DSP Audio Filters
Date: Wed, 24 May 95 08:40:37 EDT
Michael Owen W9IP
Subject: DSP digest of answers

This is a digest of the responses received to my DSP question. Interesting
reading!   - W9IP

Mike, W9IP wrote:
: I wonder who among us has had an opportunity to A-B compare the
: various DSP audio filters (TimeWave, W9GR, MFJ, what-was-the-other-one?)
: I'm interested in both super-weak EME performance as well as contest
: performance/QRM.  Is any brand deficient in dynamic range, or have a
: hiss or crummy audio perfomance?

Yes - here's the short version of our article in RadCom (RSGB) for
September 1994.


G3HCT and G3SEK were able to compare five DSP audio filters, from
the separate viewpoints of the HF DXer and of the VHF/UHF DXer. Although
some our criteria were quite different, we reached very similar
conclusions in independent tests. We also compared the DSP filters with
one of the best analog audio filters, the Datong FL3. Our review
concentrated on real-life use rather than paper specs or bench tests.

DSP filters can do remarkable things with HF CW and SSB, but you can read
all about that in the magazines. These notes are about how they work with
weak CW.

W9GR: CW note always clear and clean, with no noticeable ringing. On very
weak CW there is some high-frequency hiss due to the dithering technique
used to reduce 8-bit quantization noise. Although the 30Hz bandwidth is
suggested as "ideal for EME and weak signal work", it is only available at
800Hz; the one bandwidth available at 400Hz center frequency is 100Hz. The
12-way rotary switch is only marked in modes and we found the settings
difficult to remember. No bypass to hear your CW sidetone on TX.

NIR-10: On CW the NIR-10 has 600 and 250Hz fixed bandwidths, fully tunable
from 300-3200Hz center frequencies. At 250Hz BW the CW note was not as
clean as the W9GR, and with very weak signals there was a noticeable
'ticking' noise like ignition interference. We strongly disliked the mode
controls, two 3-way toggle switches which are misleadingly marked.
Sidetone bypass on TX.

DSP-9 / 9+: Audio quality sounded more 'reconstituted' than the others,
and the CW note a little more 'ringy', though still much better than
narrow xtal filters. [Later: the new Version 3 firmware is said to have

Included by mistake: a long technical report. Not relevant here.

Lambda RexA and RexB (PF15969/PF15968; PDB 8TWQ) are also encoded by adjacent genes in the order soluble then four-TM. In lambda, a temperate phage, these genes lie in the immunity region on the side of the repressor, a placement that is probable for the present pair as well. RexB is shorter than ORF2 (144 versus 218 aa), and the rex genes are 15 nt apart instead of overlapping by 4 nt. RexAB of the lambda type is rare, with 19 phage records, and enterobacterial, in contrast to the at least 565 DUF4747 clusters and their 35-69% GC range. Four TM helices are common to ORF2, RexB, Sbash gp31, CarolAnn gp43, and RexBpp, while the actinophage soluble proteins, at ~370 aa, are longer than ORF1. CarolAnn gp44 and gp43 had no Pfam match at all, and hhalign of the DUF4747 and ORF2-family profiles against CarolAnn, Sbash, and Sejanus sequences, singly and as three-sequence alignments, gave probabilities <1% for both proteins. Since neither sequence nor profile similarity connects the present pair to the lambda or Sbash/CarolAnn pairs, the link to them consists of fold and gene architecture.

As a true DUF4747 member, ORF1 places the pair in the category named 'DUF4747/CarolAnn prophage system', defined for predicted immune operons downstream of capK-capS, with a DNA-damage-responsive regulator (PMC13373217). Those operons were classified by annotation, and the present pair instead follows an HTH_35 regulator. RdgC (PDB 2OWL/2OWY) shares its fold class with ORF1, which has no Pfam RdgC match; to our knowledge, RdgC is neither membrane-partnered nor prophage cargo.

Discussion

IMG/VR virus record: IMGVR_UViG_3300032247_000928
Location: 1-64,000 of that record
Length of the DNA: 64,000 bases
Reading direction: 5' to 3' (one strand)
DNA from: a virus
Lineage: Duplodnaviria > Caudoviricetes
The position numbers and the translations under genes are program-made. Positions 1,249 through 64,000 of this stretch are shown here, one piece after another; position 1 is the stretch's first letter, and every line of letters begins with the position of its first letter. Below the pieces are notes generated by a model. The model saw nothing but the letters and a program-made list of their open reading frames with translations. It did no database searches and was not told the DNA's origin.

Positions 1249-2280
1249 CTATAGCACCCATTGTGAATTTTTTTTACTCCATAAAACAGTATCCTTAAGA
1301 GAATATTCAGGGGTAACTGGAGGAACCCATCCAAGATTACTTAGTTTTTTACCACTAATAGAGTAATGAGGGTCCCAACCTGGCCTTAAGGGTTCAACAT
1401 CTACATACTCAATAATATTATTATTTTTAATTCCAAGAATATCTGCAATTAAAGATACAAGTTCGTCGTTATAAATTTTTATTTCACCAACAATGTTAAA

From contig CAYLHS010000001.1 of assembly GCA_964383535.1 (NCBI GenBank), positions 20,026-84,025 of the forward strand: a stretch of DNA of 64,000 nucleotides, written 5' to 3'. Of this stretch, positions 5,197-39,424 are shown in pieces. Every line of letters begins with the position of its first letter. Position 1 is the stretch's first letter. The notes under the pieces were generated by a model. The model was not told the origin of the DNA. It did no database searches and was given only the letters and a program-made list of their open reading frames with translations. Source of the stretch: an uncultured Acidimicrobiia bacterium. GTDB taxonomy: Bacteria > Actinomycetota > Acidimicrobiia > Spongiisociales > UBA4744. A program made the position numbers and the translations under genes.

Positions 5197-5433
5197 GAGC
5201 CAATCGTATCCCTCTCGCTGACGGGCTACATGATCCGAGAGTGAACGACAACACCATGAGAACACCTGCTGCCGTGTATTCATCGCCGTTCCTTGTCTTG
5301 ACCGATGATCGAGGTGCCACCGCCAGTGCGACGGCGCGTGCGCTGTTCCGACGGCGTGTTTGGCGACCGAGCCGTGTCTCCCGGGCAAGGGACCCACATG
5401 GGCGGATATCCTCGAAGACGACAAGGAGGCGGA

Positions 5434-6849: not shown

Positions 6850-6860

improved the audio quality, but we haven't tested it thoroughly yet.]
On very weak CW the random-noise suppression function
helped to reduce the filter's own ringing. We liked the simple push-button
controls, which made it very quick and easy to find the best mode
settings. CW bandwidths are 500/200/100Hz at either of two center
frequencies, selectable by push-button: in the DSP-9+ you can set jumpers
for any two from 400, 500, 600 or 800Hz; in the DSP-9 the only possible
combinations are (600+750Hz) or (400+500Hz). The 9+ has sidetone bypass
but the DSP-9 doesn't.

The DSP filters performed much better than I expected on very weak CW,
although we were unable to test them on aurora or other modes in which
phase coherence is partly lost - for example 10GHz EME. They all worked
well in combination with the 500Hz IF CW filter, and always reduced the
ringing. In narrow audio bandwidths, using the 500Hz IF filter reduced the
background noise compared with an SSB IF bandwidth, but an additional
250Hz IF filter didnt make any further improvement. The flat-topped
passbands are useful at UHF and above, where signals sometimes drift a
little. Making switched A/B comparisons with a Datong FL3 (at 100Hz BW,
400Hz center), both the W9GR and the DSP-9+ were almost as good as the
FL3, which rang more than the DSP filters but still pulled the signals
through. At least, that's how it sounded to my ears - yours might be

I have not been an audio-filter fan in the past, but found that I could
copy EME signals with the DSP-9+ that would have been very difficult
without it. All the other filters have gone back to the distributors, but
somehow the DSP-9+ stayed behind. It might even help with some of the weak
SSB signals on the 20m net...


UPDATE: G3HCT and I will shortly be reviewing two tunable filters, the
Timewave DSP-59+ and the MFJ. We'll be comparing these with the DSP-9+,